BIOGRAPHICAL AND CRITICAL SOURCES:
Asian Affairs, March, 2005, Michael Denison, review of American Oil Diplomacy in the Persian Gulf and the Caspian Sea, p. 90.
Choice: Current Reviews for Academic Libraries, April, 2000, P. Clawson, review of The Persian Gulf at the Dawn of the New Millennium, p. 1528; March, 2004, A. Klinghoffer, review of American Oil Diplomacy in the Persian Gulf and the Caspian Sea, p. 1367; July 1, 2006, F. Tachau, review of Israel and the Persian Gulf: Retrospect and Prospect, p. 2068.
International History Review, September, 2007, Frederick F. Anscombe, review of Israel and the Persian Gulf, p. 682.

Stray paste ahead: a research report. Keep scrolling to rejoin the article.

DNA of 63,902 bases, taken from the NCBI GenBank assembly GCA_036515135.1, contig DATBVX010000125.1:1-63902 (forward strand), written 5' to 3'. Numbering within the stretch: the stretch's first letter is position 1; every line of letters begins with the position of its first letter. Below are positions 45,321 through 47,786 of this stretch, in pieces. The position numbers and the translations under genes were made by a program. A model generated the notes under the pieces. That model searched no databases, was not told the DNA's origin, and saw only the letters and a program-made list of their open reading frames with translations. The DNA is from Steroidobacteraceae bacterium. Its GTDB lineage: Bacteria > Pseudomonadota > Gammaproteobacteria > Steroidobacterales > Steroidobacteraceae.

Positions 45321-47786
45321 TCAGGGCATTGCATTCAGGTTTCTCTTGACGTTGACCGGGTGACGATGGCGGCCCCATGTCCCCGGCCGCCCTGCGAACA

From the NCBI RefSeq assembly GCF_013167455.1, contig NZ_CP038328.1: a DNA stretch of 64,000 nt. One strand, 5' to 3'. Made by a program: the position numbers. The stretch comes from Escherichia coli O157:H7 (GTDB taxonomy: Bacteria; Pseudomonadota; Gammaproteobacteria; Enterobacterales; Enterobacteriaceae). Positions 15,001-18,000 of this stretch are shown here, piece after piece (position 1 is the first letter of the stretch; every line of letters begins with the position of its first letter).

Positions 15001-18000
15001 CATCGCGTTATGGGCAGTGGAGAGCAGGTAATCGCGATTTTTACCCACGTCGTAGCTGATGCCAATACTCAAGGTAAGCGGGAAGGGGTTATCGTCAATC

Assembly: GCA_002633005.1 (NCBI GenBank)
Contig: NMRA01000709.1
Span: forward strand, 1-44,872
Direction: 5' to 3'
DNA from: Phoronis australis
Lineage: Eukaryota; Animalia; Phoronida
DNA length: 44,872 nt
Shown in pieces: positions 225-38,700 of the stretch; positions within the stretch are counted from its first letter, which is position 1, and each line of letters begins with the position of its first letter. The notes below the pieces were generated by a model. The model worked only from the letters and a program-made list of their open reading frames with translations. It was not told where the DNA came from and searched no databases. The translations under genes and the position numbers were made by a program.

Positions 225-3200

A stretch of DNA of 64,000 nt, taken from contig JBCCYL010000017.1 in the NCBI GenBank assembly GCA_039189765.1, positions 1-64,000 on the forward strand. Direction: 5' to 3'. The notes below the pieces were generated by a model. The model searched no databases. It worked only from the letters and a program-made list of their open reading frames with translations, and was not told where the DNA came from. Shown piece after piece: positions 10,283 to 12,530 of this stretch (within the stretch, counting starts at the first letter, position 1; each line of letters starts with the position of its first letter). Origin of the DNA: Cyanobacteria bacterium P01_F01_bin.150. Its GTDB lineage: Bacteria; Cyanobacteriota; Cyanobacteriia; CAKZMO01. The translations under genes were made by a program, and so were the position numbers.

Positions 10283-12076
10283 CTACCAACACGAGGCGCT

International Social Science Review, September 22, 2004, R. Michael Smith, review of American Oil Diplomacy in the Persian Gulf and the Caspian Sea, p. 160.
Middle East Journal, winter, 2004, Paul M. Mecray III, review of American Oil Diplomacy in the Persian Gulf and the Caspian Sea, p. 155; summer, 2006, Joseph Kostiner, review of Israel and the Persian Gulf, p. 586.
Middle East Quarterly, winter, 2006, Brenda Shaffer, review of American Oil Diplomacy in the Persian Gulf and the Caspian Sea, p. 586.
Reference & Research Book News, February, 2000, review of The Persian Gulf at the Dawn of the New Millennium, p. 32.